VB.NET Iterator Example: Yield KeywordUse an Iterator Function. Specify the Yield keyword to return intermediate values.
An Iterator returns values when repeatedly called. This kind of function maintains its state between calls. We use the Yield keyword to return a value from an Iterator. Control then resumes next after the Yield.Keywords
This is an example Iterator. The ComputePower Function generates a series of numbers with an increasing exponent value. We pass, as arguments, two values—the base number and the highest exponent required.
While: In ComputePower we iterate through the exponents. We compute the running total and store it in the local variables.
Yield: With the Yield keyword we "yield" control of ComputePower to Main. When next called, we resume after Yield.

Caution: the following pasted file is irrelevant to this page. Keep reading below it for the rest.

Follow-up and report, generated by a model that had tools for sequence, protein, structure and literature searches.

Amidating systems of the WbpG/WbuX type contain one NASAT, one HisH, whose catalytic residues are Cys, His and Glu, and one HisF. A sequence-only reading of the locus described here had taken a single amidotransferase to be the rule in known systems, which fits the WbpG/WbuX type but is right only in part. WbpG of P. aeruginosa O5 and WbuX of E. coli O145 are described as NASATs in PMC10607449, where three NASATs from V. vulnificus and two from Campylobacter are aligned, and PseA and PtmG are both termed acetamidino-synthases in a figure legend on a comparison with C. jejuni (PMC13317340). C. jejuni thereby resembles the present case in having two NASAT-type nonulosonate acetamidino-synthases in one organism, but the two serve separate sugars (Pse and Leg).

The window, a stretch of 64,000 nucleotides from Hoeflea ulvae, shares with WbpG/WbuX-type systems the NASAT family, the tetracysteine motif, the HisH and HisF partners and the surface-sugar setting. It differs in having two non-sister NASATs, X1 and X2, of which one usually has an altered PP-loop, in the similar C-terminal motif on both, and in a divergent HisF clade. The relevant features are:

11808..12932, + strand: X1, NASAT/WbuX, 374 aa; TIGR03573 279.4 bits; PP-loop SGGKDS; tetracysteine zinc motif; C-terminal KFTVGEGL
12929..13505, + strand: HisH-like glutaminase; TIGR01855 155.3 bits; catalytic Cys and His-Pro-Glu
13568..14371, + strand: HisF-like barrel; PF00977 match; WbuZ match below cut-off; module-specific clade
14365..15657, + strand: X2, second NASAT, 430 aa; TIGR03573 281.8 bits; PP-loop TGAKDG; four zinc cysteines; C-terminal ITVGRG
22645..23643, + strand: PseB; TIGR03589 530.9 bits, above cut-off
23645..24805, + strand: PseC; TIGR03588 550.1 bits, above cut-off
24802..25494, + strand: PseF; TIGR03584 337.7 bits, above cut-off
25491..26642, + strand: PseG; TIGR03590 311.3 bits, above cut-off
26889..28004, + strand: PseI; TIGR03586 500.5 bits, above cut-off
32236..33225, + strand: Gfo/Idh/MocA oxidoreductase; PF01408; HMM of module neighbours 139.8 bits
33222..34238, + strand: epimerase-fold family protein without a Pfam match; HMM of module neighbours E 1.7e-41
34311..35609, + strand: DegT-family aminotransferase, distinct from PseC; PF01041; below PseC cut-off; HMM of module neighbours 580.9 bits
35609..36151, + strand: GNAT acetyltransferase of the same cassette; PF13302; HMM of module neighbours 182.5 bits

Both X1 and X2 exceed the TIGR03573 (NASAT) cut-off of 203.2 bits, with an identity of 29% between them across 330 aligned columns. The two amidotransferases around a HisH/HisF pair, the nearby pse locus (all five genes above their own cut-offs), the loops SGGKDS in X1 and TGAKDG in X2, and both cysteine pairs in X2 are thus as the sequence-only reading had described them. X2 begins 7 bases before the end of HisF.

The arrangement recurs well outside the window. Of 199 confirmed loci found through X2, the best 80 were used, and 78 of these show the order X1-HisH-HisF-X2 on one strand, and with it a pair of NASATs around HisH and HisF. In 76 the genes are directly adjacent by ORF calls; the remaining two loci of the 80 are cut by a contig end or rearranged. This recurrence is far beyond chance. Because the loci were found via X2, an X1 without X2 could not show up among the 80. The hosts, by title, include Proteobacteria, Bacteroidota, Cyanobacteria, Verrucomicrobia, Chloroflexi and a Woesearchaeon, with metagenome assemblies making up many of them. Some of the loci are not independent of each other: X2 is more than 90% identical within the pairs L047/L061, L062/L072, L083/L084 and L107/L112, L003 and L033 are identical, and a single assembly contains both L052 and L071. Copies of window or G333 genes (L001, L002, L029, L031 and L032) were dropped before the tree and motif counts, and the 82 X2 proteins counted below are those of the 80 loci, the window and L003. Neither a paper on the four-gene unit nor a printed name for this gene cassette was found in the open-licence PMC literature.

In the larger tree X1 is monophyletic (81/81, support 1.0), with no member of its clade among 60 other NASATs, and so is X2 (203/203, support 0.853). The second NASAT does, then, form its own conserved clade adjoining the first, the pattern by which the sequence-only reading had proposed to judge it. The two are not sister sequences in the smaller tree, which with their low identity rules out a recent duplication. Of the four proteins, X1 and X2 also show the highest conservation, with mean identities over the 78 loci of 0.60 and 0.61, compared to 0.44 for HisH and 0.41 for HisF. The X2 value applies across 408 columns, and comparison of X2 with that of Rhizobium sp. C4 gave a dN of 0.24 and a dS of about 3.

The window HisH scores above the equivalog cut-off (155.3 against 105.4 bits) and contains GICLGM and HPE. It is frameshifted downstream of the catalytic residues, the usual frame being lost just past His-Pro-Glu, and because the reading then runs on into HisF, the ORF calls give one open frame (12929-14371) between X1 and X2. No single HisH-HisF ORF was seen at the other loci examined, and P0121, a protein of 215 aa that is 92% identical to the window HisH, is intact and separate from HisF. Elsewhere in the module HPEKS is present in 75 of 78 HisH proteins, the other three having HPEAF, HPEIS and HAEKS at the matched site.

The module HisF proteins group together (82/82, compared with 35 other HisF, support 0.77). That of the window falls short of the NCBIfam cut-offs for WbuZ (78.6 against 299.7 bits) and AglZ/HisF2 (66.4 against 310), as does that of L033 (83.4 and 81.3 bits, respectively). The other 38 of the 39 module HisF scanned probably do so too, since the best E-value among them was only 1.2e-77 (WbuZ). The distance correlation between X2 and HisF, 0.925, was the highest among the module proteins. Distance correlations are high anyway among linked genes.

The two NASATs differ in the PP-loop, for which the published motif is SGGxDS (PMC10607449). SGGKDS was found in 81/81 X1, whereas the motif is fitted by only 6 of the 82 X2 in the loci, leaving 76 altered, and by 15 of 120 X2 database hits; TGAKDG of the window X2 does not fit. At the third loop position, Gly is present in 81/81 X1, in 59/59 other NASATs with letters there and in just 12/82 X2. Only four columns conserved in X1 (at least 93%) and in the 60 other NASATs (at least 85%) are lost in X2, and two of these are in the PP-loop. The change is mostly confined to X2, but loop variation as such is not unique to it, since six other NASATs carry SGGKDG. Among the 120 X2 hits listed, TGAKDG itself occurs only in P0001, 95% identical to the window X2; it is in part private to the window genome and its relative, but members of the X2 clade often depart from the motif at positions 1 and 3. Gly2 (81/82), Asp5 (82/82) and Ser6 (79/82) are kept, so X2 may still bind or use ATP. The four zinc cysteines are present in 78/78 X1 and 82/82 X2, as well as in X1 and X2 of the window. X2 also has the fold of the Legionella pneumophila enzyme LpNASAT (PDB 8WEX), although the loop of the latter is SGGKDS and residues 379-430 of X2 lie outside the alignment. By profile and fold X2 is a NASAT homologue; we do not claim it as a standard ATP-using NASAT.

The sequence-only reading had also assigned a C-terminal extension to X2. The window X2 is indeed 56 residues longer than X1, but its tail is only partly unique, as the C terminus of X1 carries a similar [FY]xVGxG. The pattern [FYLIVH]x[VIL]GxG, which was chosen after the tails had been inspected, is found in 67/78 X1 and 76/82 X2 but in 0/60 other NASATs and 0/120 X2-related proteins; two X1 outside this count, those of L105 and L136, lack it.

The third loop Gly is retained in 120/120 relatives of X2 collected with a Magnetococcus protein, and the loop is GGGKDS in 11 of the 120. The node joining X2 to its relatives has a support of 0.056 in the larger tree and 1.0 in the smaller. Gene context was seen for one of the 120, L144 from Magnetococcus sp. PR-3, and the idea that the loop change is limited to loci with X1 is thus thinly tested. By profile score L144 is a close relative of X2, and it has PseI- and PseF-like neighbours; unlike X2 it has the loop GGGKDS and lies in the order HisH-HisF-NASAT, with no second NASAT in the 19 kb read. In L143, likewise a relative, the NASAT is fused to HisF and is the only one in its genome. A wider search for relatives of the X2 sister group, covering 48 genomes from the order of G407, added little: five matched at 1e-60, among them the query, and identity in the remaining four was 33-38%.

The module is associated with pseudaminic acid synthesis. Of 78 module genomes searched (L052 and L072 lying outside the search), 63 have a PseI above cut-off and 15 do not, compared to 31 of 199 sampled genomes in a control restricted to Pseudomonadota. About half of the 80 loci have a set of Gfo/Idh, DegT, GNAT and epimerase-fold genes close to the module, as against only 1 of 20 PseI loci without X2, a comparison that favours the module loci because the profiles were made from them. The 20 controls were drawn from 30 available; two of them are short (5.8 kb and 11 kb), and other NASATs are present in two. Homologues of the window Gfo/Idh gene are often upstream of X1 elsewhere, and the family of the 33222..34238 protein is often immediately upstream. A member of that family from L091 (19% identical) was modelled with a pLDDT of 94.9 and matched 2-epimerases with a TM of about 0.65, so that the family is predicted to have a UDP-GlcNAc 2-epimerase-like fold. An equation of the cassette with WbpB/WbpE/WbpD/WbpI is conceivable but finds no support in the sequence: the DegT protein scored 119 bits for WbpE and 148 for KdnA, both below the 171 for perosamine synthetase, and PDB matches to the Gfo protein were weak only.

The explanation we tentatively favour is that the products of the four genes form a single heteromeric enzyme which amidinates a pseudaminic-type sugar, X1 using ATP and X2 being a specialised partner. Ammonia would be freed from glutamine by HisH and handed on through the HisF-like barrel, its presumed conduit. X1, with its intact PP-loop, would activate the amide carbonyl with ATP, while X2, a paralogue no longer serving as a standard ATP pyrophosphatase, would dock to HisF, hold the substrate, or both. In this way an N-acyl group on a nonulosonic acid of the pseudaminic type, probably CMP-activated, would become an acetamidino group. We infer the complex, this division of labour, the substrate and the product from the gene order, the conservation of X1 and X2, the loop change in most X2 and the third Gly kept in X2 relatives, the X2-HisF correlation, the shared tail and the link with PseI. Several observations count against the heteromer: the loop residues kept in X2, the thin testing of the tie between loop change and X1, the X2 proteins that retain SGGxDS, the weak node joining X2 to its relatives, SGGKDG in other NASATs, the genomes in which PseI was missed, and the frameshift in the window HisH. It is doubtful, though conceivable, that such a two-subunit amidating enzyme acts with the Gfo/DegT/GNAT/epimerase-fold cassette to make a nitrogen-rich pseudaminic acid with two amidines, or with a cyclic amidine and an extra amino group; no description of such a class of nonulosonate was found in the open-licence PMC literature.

VB.NET program that uses Iterator, Yield
' Loop over first 10 exponents.
For Each value As Integer In ComputePower(2, 10)
Public Iterator Function ComputePower(
ByVal number As Integer,
ByVal exponent As Integer) As IEnumerable(Of Integer)
Dim exponentNum As Integer = 0
Dim numberResult As Integer = 1
' Yield all numbers with exponents up to the argument value.
While exponentNum < exponent
numberResult *= number
exponentNum += 1
In this language,
the Yield and Iterator keywords trigger code generation. Special classes are generated. In these classes, the state of Iterators are maintained. This is all invisible to programmers.
However: It is important to know these are not low-level features. They use keywords and short syntax, but much code is needed.
For performance, a simple For-loop or List is a better choice. Generate values, place into an array, and return. This avoids much of the excess classes that an Iterator will generate behind the scenes.For Each, ForListArray
Summary. The Iterator and Yield features in VB.NET are advanced. They appear simple, but complex code is generated behind the scenes. We often call Iterators within a For Each loop. Values can be returned based on any logic.
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